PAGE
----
Steamboat hospital’s newly expanded emergency department gets major test on its first day (with photo gallery)

$10 million emergency department renovation complete at UCHealth Yampa Valley Medical Center

On what should have been a slow mud season Thursday afternoon, the freshly renovated emergency department at UCHealth Yampa Valley Medical Center was put to the test on the first official day of its completion.

Within a span of 60 minutes, nine patients arrived at the hospital’s emergency department May 6 with conditions ranging from nonurgent to emergent, according to Lindsey Reznicek, hospital communications specialist. The patient in the most serious condition was wheeled directly through the back double doors of the new, ultra-modern trauma room and immediately surrounded in a flurry of care by four EMS crew, four nurses and two surgeons.

During a tour of the department the following Friday, it was obvious the previous day had been dramatic for the trauma staff. That high volume of emergency patients within an hour might not happen frequently for the local hospital, but multiple emergency situations are increasing, Emegency Department Nurse Manager Debbie Kennedy said.

Now the updated department is fully prepared after a $10 million remodel that took 15 months of carefully coordinated work that never stopped the 24-hour services. Part of the important upgrades are two major trauma rooms that are more than double in size in comparison to previous rooms.

“The space alone allows us to care for patients head to toe and do full assessments to take care of critical measures in a timely manner,” nurse Erin Weber said. Emergency department team members believe the renovated trauma rooms provide more safety for staff and patients and an improved quality of care for patients.

Soniya Fidler, president of the Steamboat hospital, said the renovation brings the previous emergency facilities built in 1999 “on par with the tremendous level of care delivered by our dedicated physicians and staff.”

“It’s important to continually reinvest in our facilities to ensure they’re meeting the needs and expectations of our patients,” Fidler said.

The 340-square-foot major trauma room includes an overhead boom for easy access and efficient maneuvering of critical equipment, such as a cardiac monitor, oxygen controls, suction and monitors for vital signs. The trauma gear includes a high-quality ultrasound machine, rapid blood infuser and wall of glass-door cabinets with supplies organized by bodily systems.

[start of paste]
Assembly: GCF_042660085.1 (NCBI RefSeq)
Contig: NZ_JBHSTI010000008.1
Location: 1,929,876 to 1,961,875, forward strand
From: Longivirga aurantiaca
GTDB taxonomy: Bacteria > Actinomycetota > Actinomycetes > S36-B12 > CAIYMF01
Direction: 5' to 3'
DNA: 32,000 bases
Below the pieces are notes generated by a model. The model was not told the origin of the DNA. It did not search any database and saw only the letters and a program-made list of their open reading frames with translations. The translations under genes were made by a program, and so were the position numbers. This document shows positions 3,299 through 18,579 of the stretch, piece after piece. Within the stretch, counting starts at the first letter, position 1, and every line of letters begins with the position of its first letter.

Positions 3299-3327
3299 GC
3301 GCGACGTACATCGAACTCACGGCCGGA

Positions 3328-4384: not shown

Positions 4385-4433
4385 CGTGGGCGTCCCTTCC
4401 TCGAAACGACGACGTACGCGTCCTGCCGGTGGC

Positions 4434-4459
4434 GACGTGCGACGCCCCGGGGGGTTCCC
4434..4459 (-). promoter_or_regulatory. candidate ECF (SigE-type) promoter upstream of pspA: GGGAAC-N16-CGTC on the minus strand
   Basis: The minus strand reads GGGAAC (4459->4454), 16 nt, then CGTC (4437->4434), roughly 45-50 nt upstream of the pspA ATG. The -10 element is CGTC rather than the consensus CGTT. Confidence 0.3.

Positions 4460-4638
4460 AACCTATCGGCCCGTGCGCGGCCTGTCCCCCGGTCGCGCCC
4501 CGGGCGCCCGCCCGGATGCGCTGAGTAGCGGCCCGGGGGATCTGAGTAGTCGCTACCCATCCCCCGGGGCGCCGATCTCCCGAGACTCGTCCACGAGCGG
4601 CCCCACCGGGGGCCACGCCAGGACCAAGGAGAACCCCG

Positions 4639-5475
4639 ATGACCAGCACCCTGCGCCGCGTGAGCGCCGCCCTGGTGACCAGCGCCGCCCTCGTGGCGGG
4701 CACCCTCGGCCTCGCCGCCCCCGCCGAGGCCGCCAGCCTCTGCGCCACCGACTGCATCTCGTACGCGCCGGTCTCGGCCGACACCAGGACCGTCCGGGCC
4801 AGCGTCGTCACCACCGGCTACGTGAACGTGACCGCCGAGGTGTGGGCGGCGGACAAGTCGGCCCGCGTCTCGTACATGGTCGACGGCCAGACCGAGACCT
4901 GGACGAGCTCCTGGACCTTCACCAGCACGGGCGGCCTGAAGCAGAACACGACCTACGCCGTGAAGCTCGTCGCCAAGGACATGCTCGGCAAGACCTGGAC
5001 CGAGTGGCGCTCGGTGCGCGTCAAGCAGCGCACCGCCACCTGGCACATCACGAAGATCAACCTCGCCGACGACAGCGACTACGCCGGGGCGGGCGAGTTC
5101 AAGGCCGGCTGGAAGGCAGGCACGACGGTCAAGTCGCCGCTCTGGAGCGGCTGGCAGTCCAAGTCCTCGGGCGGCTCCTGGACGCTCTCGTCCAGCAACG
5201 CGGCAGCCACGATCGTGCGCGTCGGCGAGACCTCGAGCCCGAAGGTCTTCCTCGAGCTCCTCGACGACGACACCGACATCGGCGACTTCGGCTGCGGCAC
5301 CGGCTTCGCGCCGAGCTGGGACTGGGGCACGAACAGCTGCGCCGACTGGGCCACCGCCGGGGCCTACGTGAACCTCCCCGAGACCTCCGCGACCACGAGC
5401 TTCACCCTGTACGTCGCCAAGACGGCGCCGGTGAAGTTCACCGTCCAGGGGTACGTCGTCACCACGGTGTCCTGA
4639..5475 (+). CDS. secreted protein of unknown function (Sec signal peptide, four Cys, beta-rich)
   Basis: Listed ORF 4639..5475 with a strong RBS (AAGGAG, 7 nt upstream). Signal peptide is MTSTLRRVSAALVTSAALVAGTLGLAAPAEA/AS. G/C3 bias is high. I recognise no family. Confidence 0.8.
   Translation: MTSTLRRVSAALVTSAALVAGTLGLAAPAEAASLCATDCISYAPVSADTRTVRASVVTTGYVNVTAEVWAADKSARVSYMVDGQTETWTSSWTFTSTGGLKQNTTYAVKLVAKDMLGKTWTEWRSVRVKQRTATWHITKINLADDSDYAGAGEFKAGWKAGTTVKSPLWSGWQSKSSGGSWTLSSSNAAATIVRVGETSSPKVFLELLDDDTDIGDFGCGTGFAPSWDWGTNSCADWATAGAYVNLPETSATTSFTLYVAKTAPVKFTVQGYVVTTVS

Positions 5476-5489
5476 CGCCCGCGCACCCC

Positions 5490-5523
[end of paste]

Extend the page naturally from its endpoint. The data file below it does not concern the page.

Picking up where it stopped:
Julie McFadden, trauma program nurse manager, said the major trauma room is set up to stabilize patients with any conditions, and the facility and staff can care for almost any emergency patient situation locally short of complex pelvic fractures, multisystem blunt trauma or intubations that last more than 24 hours.

The department was completely redesigned and enlarged from approximately 7,600 to 10,600 square feet. The first step last year was relocating the hospital’s pharmacy, a cardio-pulmonary area and another office to make room. Now the emergency department features an efficient raceway design where medical staff work in the middle surrounded by 14 private patient rooms for better access and monitoring. The patient rooms also include two safe rooms, two negative pressure rooms and a forensic nurse exam room. Gone are patient bays separated only by curtains with no sound privacy.

In the safe room, a door can be rolled down to hide all medical equipment for safety in the case of a patient with a mental health situation. Since Routt County has no detox facility, individuals intoxicated or impaired by drugs may spend time in the safe room.

Kennedy said the hospital employs quick registration where all emergency patients give their name, birth date and why they are there, and then patients can proceed directly to care, with paperwork completed later at the bedside.

The emergency department rooms are designed as multipurpose and stocked with the same arrangement so that nurses can employ muscle memory in the fast-paced environment and do not need to leave the patient to gather supplies, Kennedy said.

The department also adds some new, well-conceived facilities, such as a decontamination room with a direct exterior entrance door, second negative pressure room for use in the case of airborne disease mitigation, secured medication prep room, confidential consultation room for physicians and a small private lounge for EMS personnel.

The renovation added a second entrance to separate patients who arrive on their own and are able to walk from patients arriving on stretchers via ambulance or medical helicopter. The headquarters for hospital security is stationed between the two important entrances.

The busiest months for the department are March, with an average of 34 patients per day during the past five years, and July, averaging 27 patients per day, Reznicek said.

The hospital’s foundation raised more than $2.3 million toward the project to update the Level III trauma center. Karen Schneider, foundation executive director, said the “philanthropic aspect of this project has been a true partnership with our community — we did this together.”

“We were fortunate to raise $2.3 million thanks to the generosity of individual and corporate donors as well as community members who participated in past Foundation events” including fundraisers from 2016 to 2019, Schneider said.

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